Aug. 16, 2012 In uncertain environments, organisms not only react to signals, but also use molecular processes to make guesses about the future, according to a study by Markus Arnoldini et al. from ETH Zurich and Eawag, the Swiss Federal Institute of Aquatic Science and Technology. The authors report in PLoS Computational Biology that if environmental signals are unreliable, organisms are expected to evolve the ability to take random decisions about adapting to cope with adverse situations.
Most organisms live in ever-changing environments, and are at times exposed to adverse conditions that are not preceded by any signal. Examples for such conditions include exposure to chemicals or UV light, sudden weather changes or infections by pathogens. Organisms can adapt to withstand the harmful effects of these stresses. Previous experimental work with microorganisms has reported variability in stress responses between genetically identical individuals. The results of the present study suggest that this variation emerges because individual organisms take random decisions, and such variation is beneficial because it helps organisms to reduce the metabolic costs of protection without compromising the overall benefits.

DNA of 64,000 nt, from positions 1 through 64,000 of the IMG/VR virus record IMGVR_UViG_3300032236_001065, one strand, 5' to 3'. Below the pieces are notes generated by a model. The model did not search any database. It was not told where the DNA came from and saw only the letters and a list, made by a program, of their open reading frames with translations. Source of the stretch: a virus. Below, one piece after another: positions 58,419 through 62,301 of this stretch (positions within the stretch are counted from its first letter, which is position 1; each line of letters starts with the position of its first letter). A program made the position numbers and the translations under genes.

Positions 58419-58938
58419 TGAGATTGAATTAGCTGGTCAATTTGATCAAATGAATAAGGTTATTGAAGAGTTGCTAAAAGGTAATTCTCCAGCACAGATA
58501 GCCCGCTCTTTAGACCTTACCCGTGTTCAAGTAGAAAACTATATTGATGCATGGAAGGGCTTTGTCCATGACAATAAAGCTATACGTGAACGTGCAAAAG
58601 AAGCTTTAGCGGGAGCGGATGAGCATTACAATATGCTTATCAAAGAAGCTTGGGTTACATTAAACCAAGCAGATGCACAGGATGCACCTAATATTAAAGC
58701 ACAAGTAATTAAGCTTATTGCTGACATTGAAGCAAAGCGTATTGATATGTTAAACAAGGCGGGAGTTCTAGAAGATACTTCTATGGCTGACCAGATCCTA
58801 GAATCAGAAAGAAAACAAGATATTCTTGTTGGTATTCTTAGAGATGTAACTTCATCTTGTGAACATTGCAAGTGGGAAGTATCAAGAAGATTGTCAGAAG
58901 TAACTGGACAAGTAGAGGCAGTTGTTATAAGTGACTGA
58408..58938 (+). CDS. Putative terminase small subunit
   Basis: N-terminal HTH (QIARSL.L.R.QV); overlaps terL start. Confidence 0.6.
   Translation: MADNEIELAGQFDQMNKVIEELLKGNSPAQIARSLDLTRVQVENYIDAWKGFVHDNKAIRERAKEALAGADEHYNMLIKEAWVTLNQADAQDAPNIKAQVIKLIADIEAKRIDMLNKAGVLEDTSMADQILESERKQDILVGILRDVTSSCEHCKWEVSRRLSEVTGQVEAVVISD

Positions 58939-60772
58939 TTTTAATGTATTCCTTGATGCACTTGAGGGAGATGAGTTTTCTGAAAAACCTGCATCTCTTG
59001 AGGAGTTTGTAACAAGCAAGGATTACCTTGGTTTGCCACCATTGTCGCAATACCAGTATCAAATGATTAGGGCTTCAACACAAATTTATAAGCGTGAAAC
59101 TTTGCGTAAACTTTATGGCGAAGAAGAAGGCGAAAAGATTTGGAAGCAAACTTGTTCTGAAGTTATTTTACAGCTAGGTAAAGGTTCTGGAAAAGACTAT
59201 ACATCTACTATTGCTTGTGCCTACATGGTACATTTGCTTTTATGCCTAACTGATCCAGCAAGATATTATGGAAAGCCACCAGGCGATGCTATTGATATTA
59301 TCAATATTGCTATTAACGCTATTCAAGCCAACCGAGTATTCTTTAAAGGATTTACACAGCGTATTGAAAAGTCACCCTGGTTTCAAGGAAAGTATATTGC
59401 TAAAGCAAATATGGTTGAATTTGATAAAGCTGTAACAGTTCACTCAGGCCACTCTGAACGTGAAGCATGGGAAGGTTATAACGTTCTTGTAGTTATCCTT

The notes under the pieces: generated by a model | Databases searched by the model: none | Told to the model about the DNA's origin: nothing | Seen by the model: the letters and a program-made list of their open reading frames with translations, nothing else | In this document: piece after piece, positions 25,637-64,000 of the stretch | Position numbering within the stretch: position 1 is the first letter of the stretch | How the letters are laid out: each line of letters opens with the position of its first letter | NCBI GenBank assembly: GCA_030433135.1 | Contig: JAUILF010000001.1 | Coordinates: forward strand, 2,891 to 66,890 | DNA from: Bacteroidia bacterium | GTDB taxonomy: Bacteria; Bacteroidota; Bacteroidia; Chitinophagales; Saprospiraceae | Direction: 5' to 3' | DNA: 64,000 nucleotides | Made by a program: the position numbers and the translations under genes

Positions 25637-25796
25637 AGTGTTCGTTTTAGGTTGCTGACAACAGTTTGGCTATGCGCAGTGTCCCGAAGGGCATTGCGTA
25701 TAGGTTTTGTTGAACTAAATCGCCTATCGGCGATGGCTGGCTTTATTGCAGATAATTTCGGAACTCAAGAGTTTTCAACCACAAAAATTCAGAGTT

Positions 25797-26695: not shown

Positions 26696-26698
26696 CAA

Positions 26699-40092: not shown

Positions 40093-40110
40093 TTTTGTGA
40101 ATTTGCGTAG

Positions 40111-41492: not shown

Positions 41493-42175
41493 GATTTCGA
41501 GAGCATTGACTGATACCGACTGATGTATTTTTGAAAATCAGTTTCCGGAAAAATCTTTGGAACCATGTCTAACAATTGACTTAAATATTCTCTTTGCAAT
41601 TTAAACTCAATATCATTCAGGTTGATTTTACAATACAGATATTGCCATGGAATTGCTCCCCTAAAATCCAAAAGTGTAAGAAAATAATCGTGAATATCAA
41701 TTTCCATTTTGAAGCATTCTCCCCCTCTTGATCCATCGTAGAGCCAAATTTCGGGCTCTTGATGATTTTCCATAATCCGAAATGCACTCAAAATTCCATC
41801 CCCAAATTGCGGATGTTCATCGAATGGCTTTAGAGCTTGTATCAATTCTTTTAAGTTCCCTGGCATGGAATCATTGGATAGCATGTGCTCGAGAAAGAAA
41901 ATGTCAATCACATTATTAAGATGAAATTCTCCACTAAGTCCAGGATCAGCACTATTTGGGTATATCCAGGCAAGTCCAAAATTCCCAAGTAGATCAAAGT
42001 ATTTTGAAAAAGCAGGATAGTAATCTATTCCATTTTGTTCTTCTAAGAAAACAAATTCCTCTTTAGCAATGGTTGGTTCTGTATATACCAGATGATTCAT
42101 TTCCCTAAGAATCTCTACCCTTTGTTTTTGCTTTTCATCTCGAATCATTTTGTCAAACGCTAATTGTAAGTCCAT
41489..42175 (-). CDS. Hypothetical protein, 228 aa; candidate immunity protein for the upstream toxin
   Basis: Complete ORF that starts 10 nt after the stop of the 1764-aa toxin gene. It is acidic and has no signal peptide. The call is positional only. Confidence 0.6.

The theoretical results of this study can help to understand why genetically identical organisms often express different traits, an observation that is not explained by the conventional notion of nature and nurture. Future experiments will reveal whether the predictions made by the mathematical model are met in natural systems.
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The above story is reprinted from materials provided by Public Library of Science.
- Markus Arnoldini, Rafal Mostowy, Sebastian Bonhoeffer, Martin Ackermann. Evolution of Stress Response in the Face of Unreliable Environmental Signals. PLoS Computational Biology, 2012; 8 (8): e1002627 DOI: 10.1371/journal.pcbi.1002627
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